DC Rebirth marks one of the biggest surprises I have had as a comic fan in a long time. Week One of DC Rebirth was overall successful, at least for me. Now we are onto week two and what an adventure it is. I’m going to be keeping with this format covering DC Rebirth as since I am reading them all; at least for now. Until then enjoy these massive posts detailing my thoughts on the whole DC Rebirth adventure week to week. For Week Two we have Action Comics, Detective Comics, Aquaman, Wonder Woman, and The Flash. All of these worked in their own way to set the scene for DC Rebirth. I’m here to sort it out in my own head as well as tell you all if they’re worth reading. There’s a lot happening here and I’m happy to take you along for the ride. If you’re coming from Week One, thanks for returning, and if you’re on board for the first time with Week Two, welcome and I am happy to have you here!  Welcome to Week Two of The DC Rebirth Journey, come along as I explore this second week of DC Rebirth.

(Small Warning there may be mild spoilers for the books in these reviews, the Wonder Woman is the one that has some mild spoiler material.)

Aquaman: Rebirth #1 Cover DC RebirthAquaman: Rebirth #1

The one book out of this entire week that made me scratch my head a lot was Aquaman: Rebirth. Dan Abnett was doing what I call Geoff Johns lite. Making a point to show how great Aquaman is and this time around having Mera as part of the story. It’s a decent read, not perfect but decent enough of a read. It is showing that Aquaman is in a better place with Mera by his side for starters. With The Deluge as a new threat in his life as King of Atlantis, it’s a cool idea yet doesn’t quite work as well as I thought it would. Yet the coolest part of this was the ending as there is a constant narration by a classic character that works wonders in increasing interest for this series. I’m not one hundred percent sold on Aquaman at least yet. This is one where I’m not sure if I’ll get the first issue of the ongoing series. I must say though, I did enjoy the art of Scot Eaton and Oscar Jimenez, it looked good with some rocking inks by Mark Morales and Jimenez himself doing inks as well. I do say that Gabe Eltaeb’s coloring set this book off on the right foot, beautiful coloring throughout this comic. While the story isn’t working fully for me yet, the art helped this along for sure.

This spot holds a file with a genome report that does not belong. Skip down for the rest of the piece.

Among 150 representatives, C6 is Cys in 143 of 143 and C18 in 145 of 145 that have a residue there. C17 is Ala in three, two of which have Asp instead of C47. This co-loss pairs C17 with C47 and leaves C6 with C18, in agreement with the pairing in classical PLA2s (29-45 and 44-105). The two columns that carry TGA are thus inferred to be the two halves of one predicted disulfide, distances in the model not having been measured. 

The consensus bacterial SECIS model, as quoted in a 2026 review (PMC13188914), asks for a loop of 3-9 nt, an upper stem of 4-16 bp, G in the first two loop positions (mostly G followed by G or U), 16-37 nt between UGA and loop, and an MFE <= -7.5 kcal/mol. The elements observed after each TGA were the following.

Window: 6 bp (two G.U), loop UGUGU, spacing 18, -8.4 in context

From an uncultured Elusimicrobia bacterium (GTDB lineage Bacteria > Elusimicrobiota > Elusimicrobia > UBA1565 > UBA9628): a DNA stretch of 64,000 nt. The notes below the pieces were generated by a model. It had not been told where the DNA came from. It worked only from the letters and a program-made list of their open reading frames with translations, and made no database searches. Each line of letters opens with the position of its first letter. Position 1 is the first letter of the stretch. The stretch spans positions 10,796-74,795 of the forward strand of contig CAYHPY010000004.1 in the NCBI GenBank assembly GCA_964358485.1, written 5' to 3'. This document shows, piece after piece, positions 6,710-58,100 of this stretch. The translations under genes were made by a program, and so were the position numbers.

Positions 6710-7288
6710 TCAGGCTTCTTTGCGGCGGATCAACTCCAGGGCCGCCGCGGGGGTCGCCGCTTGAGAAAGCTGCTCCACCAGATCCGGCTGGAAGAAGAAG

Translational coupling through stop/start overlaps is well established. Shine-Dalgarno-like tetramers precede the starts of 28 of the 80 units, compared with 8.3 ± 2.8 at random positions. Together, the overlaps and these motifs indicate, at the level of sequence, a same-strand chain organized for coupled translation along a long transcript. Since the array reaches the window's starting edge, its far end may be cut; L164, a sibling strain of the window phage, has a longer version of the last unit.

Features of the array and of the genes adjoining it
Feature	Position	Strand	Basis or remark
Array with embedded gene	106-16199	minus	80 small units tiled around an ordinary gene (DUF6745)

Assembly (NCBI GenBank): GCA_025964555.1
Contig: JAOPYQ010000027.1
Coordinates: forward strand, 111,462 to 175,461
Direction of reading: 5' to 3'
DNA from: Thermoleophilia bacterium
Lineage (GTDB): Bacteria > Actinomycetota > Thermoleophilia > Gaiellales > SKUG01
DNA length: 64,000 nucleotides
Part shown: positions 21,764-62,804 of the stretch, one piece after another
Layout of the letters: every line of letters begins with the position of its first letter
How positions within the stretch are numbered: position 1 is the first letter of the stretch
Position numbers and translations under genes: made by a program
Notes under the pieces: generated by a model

The Flash: Rebirth #1 CoverThe Flash: Rebirth #1

The Flash was a tough book to judge, probably the toughest of week two. For starters this felt like an epilogue for DC Universe: Rebirth. It’s a good continuation of the events of DC Universe: Rebirth but you only get a loose idea of where The Flash is heading. Josh Williamson does excellent work with Barry Allen and setting Wally West up on his adventures in the upcoming Titans series. As a proper story for The Flash on his own, this is an odd one. It’s not bad by any means and if you want to see more of where the DC Universe and DC Rebirth is going, The Flash: Rebirth does that in spades. If you’re looking for a stand alone Flash story though, this is not it. I do find myself liking this though as overall it is a good read. Williamson gave me just enough to get me to want to try the first issue of The Flash series. I will say though Carmine Di Giandomenico’s art is a show stopper here showing that this series is going to look phenomenal as the action here is amazing, with spot on emotional touches to the work. Ivan Plascencia’s color work here is impressive too, bright, colorful, and at points moody in the right places. I’m willing to stick it out with this book, there is just enough here to keep me interested.